Guilty Pleasures of the Fourth
by Henri B. Marchand
An essay from Henri Marchand, updated from its original 2006 version.
As another Fourth of July holiday approaches the nightly cannonade of assorted firecrackers and whistling skyrockets has been steadily intensifying. These illegal blasts and crackles usually reach a crescendo over the July 4th weekend and in past years would rattle the night well after area towns’ legal displays had reverberated across the valley. This year most public displays have been canceled, creating disappointment at the lost tradition and concern that illegal launches will continue through the night. By July fifth, decibel levels typically return to normal with the customary summer chorus of passing cars, barking dogs and singing crickets.
The salvos begin about dusk, coming from every direction until well into the evening and they carry pleasant memories edged in guilt. Some launch from close by, the next block perhaps; others from a more distant yard or open field. A few rise above tree tops and roof lines to mimic, in miniature, their legal cousins. By eleven o’clock the lively barrages begin to fade but occasionally a midnight volley of bottle rockets or the solo blast of an M80 will jolt me from my dreams.
These celebratory bombardments–officially banned yet traditionally cherished–have again ignited an annual debate over public safety, patriotic expression, concern for our pets and personal responsibility.
My personal use of gunpowder began legally and responsibly enough when I was maybe seven or eight years old. Every corner variety store sold caps, dime-sized rolls of narrow red ribbons, with tiny, equally spaced blisters of black powder. Normally used in cap guns, the blisters could also be struck with a hammer or rock to produce a quick series of reports or, if one were brave enough, scratched with a fingernail for a quick flash and hiss. A blackened nail was proof of courage, a summer badge of honor once you had outgrown cap guns.
Later, my friends and I began our criminal celebrations, discovering firecrackers, then going on to cherry bombs and, for the boldest among our group, M80’s, also known as a “quarter stick of dynamite!” I don’t know if they really equal 25% of TNT but after hearing one explode, you weren’t about to argue with the big kids carrying a bagful. Cherry bombs and M80’s had the added benefit of being waterproof. Dropped into sewers cherry bombs created water spouts; M80’s geysers that rattled the grate. Lady Fingers were smaller versions of firecrackers, but only someone looking to get beat up would carry those around in public. All of these coveted bomblets were sold covertly through certain area variety stores.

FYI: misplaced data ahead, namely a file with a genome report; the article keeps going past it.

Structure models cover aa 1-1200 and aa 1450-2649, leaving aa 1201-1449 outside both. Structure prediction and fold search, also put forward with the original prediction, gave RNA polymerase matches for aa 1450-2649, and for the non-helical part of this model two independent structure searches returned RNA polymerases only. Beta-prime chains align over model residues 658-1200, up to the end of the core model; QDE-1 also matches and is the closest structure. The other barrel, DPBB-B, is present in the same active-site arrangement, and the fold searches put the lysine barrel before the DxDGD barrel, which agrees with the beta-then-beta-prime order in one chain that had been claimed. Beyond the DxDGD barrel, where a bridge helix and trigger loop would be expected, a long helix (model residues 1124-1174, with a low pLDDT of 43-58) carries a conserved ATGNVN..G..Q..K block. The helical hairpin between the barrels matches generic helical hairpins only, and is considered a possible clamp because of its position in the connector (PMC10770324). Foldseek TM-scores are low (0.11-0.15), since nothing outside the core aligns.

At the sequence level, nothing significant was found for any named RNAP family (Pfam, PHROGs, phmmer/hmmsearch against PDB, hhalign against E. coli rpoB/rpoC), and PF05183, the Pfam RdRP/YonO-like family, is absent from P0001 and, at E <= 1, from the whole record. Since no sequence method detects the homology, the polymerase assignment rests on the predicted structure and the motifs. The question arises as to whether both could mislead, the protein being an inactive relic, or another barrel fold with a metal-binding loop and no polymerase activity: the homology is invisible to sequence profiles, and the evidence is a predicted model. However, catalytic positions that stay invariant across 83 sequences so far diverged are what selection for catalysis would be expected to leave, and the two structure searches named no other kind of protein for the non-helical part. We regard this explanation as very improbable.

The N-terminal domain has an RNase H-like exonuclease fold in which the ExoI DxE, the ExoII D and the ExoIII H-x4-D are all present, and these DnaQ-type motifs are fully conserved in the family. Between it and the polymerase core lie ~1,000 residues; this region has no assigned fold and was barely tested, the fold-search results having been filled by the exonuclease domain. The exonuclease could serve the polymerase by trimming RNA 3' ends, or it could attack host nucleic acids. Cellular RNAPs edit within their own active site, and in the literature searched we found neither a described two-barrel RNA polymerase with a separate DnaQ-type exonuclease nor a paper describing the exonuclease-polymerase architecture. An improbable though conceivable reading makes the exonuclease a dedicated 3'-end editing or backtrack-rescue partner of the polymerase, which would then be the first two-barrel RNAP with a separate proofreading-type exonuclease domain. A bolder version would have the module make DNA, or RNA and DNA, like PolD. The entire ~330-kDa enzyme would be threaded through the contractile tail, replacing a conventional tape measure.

As is often the case with bad habits, we soon moved up to heavier pyrotechnics. By the mid-60s my brother had discovered the ancient Chinese recipe for gunpowder. We couldn’t believe our good fortune as we learned that the three elements needed were readily available. One was a household summer staple, charcoal briquets; the other two could be purchased off the shelf at the corner drug store. This was going to be the Big Leagues and we had big plans! No more celebrating our nation’s founding with lowly M80s, we could now blend up a batch of our own Independence Day mix, pack it in toilet paper tubes and light-em-up! Ka-boom! Better yet, paper towel tubes. KA-BOOM!
We mixed up our first batch, probably a pint, in our basement laboratory. Being responsible experimenters and not knowing what to expect, we decided to do a test burn. We piled a few tablespoons on the floor, careful to clear away any sawdust or other flammable debris. My brother struck the match; I stood back and blocked my ears. It took a moment to ignite but when it did the pile didn’t explode but was consumed by a hot, fast flash of flame that created billowing, sulfuric clouds of smoke. Scared witless we dashed about, flapping our arms wildly trying to disperse the thick pall and stink that now filled the basement. We were lucky we didn’t burn down the house and even luckier we didn’t get caught. Fortunately we never got around to creating that paper towel Roman candle.
It’s been years since I lit a fuse and recoiled in fearful expectation. For a time I kept a small cache of fireworks in my basement, a birthday gift from my brother. The colorful packages remained in the basement collecting dust until I ultimately handed them over to the fire department for disposal when we moved, concerned that the lot may have gotten unstable after years in storage.
The old fears of losing an eye or a finger or of being arrested for celebrating with missiles remain. Over the years there arrived new fears, acquired as a parent, of my children not being as lucky as my brother and me.
Still, I sometimes dreamt of piling them up on some subsequent birthday or July 4 and torching the whole lot for a belated birthday blast.
Today I’m content to listen to the nightly bombardment with guilty pleasure as the scent of cordite drifts in through open windows.